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ISLAMABAD — An American woman, her Canadian husband and their three young children have been released after years of being held captive by a network with ties to the Taliban , U.S. and Pakistani officials said Thursday.

A Canadian man, his American wife and their three young children have been released after being held captive for years by a network with ties to the Taliban , U.S. and Pakistani officials said Thursday.

U.S. officials say Pakistan secured the release of Caitlan Coleman of Stewartstown, Pennsylvania, and her husband, Canadian Joshua Boyle, who were abducted five years ago while traveling in Afghanistan and had been held by the Haqqani network in Pakistan.

Coleman was pregnant when she was captured. The couple had three children while in captivity, and all have been freed, U.S. officials say.

A U.S. national security official, speaking on condition of anonymity to discuss an ongoing operation, commended Pakistan for their critical assistance in securing the family's release — and described the cooperation as an important step in the right direction for U.S.-Pakistani relations.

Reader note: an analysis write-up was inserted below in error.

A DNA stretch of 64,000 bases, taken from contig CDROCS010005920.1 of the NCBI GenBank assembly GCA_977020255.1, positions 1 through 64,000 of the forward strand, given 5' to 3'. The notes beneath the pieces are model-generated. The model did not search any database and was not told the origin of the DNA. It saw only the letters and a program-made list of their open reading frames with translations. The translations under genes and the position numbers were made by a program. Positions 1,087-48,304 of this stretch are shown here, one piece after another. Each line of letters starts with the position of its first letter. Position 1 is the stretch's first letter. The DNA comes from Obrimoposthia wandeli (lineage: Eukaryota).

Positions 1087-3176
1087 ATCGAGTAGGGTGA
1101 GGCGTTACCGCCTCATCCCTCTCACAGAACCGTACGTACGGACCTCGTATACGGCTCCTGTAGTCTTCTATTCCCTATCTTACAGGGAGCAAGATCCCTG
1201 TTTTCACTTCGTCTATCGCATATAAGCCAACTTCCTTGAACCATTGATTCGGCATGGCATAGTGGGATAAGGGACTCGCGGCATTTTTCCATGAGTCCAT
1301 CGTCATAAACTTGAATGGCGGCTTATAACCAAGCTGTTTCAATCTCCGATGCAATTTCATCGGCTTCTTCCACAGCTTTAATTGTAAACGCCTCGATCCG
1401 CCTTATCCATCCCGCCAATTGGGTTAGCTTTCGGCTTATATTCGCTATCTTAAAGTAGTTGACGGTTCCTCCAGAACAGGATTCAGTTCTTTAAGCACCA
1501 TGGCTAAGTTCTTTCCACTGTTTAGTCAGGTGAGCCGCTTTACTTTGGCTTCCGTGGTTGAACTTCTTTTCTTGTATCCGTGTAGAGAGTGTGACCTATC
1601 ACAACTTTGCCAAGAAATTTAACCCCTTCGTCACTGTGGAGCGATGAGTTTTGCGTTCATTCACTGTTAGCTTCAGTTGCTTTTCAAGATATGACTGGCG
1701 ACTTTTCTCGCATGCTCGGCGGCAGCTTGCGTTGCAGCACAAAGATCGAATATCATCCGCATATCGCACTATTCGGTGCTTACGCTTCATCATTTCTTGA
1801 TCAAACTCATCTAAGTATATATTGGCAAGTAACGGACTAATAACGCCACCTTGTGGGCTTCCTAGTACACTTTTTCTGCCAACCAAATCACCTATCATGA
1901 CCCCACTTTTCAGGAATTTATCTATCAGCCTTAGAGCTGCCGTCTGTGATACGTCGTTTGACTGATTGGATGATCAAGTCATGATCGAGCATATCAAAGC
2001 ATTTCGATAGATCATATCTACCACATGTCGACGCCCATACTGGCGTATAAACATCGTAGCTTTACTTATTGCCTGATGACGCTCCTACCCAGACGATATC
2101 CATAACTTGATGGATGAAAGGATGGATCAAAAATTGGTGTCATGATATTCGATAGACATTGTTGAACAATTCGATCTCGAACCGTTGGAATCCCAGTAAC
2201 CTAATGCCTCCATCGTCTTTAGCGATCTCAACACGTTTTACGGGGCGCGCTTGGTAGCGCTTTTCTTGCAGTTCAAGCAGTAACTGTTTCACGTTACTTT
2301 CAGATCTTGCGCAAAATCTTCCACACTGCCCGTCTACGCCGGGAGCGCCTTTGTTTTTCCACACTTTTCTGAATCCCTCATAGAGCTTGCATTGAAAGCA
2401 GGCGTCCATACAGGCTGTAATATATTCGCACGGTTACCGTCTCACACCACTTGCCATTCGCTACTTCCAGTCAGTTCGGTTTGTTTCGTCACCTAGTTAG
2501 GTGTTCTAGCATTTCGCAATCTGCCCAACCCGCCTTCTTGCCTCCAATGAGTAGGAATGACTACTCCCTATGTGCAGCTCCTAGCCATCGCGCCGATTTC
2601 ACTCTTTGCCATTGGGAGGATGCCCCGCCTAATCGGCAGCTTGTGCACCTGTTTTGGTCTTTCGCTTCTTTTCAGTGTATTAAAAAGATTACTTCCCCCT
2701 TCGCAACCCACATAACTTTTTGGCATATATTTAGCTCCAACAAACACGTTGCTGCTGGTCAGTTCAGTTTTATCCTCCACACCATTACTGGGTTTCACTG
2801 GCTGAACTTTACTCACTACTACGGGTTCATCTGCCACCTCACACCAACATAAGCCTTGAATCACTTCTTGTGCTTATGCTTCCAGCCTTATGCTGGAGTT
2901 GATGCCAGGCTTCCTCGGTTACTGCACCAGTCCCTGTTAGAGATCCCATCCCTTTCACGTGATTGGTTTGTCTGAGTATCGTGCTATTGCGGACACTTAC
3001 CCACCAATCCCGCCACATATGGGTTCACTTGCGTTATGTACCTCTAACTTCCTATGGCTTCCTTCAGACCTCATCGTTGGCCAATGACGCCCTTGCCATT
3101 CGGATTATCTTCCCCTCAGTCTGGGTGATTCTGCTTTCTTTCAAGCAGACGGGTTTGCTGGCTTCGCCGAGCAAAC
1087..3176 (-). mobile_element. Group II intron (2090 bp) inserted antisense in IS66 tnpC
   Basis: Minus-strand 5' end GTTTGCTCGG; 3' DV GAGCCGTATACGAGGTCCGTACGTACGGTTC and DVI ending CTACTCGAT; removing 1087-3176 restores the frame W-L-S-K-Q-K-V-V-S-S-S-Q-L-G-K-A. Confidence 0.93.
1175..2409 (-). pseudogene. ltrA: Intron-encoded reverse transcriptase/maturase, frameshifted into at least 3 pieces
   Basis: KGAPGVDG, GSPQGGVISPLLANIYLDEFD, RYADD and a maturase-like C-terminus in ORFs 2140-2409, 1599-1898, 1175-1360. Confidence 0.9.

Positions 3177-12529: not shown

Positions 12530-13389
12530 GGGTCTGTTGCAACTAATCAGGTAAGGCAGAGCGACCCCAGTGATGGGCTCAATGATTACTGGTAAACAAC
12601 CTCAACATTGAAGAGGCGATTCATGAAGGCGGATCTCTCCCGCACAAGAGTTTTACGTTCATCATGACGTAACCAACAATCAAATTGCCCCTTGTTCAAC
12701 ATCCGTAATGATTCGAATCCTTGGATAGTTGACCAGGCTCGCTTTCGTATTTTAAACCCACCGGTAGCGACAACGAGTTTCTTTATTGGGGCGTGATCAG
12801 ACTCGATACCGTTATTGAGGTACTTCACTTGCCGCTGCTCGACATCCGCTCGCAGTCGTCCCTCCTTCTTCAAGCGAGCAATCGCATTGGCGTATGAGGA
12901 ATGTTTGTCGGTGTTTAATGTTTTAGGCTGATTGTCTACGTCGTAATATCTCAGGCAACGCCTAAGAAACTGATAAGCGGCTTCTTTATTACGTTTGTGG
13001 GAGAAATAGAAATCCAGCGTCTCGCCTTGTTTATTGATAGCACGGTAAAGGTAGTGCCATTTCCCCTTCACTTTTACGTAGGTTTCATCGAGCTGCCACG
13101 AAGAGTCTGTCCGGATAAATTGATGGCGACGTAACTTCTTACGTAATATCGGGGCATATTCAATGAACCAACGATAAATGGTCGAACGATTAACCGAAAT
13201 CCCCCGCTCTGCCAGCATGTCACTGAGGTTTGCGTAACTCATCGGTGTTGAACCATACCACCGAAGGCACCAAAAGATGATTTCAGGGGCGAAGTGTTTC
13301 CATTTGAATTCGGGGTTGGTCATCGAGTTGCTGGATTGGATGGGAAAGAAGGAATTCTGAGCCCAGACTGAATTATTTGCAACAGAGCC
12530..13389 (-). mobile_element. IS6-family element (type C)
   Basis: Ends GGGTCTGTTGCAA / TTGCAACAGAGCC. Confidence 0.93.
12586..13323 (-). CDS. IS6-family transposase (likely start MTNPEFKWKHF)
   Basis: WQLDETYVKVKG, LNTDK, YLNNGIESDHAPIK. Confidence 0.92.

FILE - In this June 4, 2014, file photo, mother's Linda Boyle, left and Lyn Coleman hold photo of their married children, Canadian citizen Joshua Boyle and American citizen Caitlan Coleman, who were kidnapped by the Taliban in late 2012, in Stewartstown, Pa. Pakistan's military says soldiers have recovered five Western hostages held by the Taliban for years. Pakistan's army did not name those held, only saying it worked with U.S. intelligence officials to track down the hostages and free them after discovering they had been brought into Pakistan. (AP Photo/Bill Gorman, File) © The Associated Press FILE - In this June 4, 2014, file photo, mother's Linda Boyle, left and Lyn Coleman hold photo of their married children, Canadian citizen Joshua Boyle and American citizen Caitlan Coleman, who were kidnapped by the Taliban in late 2012, in Stewartstown, Pa. Pakistan's military says soldiers have recovered five Western hostages held by the Taliban for years. Pakistan's army did not name those held, only saying it worked with U.S. intelligence officials to track down the hostages and free them after discovering they had been brought into Pakistan. (AP Photo/Bill Gorman, File) The U.S. has long criticized Pakistan for failing to aggressively go after the Haqqanis, who have been behind many attacks against U.S. and allied forces in Afghanistan.